top of page

Pets In The Office


Red Rover, Red Rover, should Fido come over to the office with your employees? Well, that depends on you. Over the past year many of us have worked from home and we had our furry companions right there beside us to keep us company. Many shelters reported record highs for the number of pets adopted during the pandemic. So now as we all return to the office, we are all left wondering can we bring our "fur-workers" to the office with us? As an employer the answer is not as simple as if you're a dog person or cat person, you have several other factors to consider.

While you may be seeing an uptick in requests to bring pets to work, keep in mind that only about 7 percent of employers allow pets in the workplace. However, if you decide against opening your office to pets, be prepared to explain why. Employees might not like your decision but may understand the rationale behind it. If you decide to become a pet-friendly workplace, then you will want to implement clear guidelines and expectations to support the policy.

I can certainly understand your staff's sentiments since many people have purchased and adopted pets during the COVID-19 pandemic. After spending months at home, many owners have developed strong bonds with their pets and dread leaving them for extended periods of time. Separation anxiety for pets and their owners is real. However, not all employers are ready for pets in the workplace. Simply because other organizations allow pets does not mean it will work for you and your company.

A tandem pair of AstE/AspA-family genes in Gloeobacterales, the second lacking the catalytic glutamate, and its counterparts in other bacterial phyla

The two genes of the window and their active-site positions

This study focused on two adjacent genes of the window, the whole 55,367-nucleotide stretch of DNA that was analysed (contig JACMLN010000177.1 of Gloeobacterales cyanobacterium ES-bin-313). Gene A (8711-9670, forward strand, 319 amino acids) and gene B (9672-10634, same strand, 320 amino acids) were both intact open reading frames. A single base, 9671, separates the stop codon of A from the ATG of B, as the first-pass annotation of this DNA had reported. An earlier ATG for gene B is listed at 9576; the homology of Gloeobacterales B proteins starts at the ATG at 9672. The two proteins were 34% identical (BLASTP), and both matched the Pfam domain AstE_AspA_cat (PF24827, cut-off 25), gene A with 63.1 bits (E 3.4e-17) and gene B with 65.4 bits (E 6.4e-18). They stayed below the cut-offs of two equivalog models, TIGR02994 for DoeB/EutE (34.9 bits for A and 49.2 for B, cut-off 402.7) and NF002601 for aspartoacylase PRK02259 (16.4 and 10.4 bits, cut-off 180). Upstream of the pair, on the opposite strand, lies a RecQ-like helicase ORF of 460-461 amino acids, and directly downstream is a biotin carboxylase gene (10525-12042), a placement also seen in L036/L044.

There are some key points to consider before deciding what is best for your company. Is your workplace conducive to pets? If you are in a larger office building, there may be regulations on allowing pets in the building. If you have outside clients, vendors, and partners, you will want to evaluate the impact on them. Additionally, some of your other employees may have allergies to consider. Think about the impact pets would have on your work environment. Would pets improve morale or productivity, or would they be a distraction? Also consider what types of pets you would allow.

As you assess your choices, a good trial run might involve sponsoring a "bring your pet to work day." It would give you an opportunity to further gauge how this might work.

If you decide to allow pets in the workplace, craft an approval process to address all relevant criteria, including type of pet and health standards. Clearly articulate pet care and behavior guidelines as you roll out the new policy.

Additionally, you may be obligated to consider a service animal in your workplace as a reasonable accommodation if one of your employees has a disability under the Americans with Disabilities Act (ADA). Currently, only dogs are considered service animals.

I'll add this: Leaders should always gather feedback from staff, but as you weigh your options, look for the answer that adds value to the work. I hope you make the best decision for your work and your workplace. Good luck.


Parts of this article are from a recent SHRM article, read it here

8 views0 comments

Comments


bottom of page